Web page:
This fall, we welcomed Steven Lautzenheiser, who received his PhD from the University of Washington in 2019, as a lecturer in biological anthropology. In addition to teaching the introductory course in biological anthropology, Lautzenheiser is also teaching undergraduate and graduate courses on evolutionary biology, primates and primate evolution, and human paleontology.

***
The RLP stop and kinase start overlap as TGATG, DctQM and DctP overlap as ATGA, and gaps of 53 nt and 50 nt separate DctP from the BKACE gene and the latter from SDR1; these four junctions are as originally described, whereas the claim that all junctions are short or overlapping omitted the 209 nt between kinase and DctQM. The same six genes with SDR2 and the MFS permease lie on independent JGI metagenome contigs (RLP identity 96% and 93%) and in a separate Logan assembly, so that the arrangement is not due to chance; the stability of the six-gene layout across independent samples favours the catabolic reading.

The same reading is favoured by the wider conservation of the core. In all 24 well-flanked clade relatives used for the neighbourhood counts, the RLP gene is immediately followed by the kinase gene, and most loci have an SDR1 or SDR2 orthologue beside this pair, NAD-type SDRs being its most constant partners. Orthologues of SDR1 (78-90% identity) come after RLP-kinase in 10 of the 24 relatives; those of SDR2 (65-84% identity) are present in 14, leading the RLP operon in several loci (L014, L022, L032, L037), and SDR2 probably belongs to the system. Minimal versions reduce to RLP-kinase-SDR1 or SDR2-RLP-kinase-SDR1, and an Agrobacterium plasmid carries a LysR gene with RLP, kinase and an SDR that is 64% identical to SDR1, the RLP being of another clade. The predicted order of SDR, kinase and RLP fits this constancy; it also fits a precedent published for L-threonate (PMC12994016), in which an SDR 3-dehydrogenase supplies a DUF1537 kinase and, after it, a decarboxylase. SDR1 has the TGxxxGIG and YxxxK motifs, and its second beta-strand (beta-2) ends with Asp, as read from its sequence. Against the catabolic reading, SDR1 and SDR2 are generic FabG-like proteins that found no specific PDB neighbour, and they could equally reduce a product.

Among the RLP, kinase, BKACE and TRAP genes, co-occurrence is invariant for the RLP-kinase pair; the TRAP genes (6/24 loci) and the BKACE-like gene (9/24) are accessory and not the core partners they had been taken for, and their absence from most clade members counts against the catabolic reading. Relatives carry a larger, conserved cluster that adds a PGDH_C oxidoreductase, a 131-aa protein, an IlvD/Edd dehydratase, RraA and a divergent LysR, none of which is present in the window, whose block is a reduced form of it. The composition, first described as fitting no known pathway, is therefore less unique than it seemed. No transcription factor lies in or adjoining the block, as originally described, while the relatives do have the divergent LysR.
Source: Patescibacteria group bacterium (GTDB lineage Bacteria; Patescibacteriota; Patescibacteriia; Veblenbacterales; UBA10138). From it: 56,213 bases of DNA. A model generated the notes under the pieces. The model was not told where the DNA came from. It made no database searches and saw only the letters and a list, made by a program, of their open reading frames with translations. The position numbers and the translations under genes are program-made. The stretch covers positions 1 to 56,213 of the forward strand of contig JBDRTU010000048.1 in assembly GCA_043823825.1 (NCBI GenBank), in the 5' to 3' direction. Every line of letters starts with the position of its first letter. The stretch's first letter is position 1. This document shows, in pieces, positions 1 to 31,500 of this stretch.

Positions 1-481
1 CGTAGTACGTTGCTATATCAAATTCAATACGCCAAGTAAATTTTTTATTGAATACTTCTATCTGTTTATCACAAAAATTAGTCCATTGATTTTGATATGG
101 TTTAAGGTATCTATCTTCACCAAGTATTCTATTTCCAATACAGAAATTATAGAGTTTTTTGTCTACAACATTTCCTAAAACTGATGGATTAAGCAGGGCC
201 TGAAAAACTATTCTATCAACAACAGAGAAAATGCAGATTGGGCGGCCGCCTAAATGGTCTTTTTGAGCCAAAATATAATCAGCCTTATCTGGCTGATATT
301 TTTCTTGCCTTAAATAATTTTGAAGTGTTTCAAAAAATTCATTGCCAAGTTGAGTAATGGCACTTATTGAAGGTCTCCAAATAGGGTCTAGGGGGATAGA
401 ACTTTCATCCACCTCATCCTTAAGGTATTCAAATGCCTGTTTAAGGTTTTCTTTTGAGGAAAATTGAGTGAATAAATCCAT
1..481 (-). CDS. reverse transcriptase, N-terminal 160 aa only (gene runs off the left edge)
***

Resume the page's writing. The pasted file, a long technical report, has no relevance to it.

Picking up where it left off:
Lautzenheiser’s research combines anthropological and engineering theories and mathematical modeling in order to understand how modern humans came to move the way that we do. Bipedalism, or walking upright, is a central part of our evolutionary story. The fossil record of the extinct members of the human lineage preserves evidence of alterations in the structure of the foot, suggesting that how our ancestors moved across the landscape changed over time. Understanding these differences requires careful study of the relationship between how the foot interacts with the ground and the size and shape of the bones that enable that interaction. Lautzenheiser measured the ground reaction forces on the feet of volunteers in the laboratory as they walked in a straight line and as they changed direction while walking, and then modeled how these forces contributed to the shape of the talus (ankle bone). He found that not only does changing direction affect the ground reaction force applied to the foot, but that the orientation of the foot affects how these forces pass through it. By increasing our understanding the biomechanics of the foot and ankle of modern humans, his research helps us to understand the fossil record better.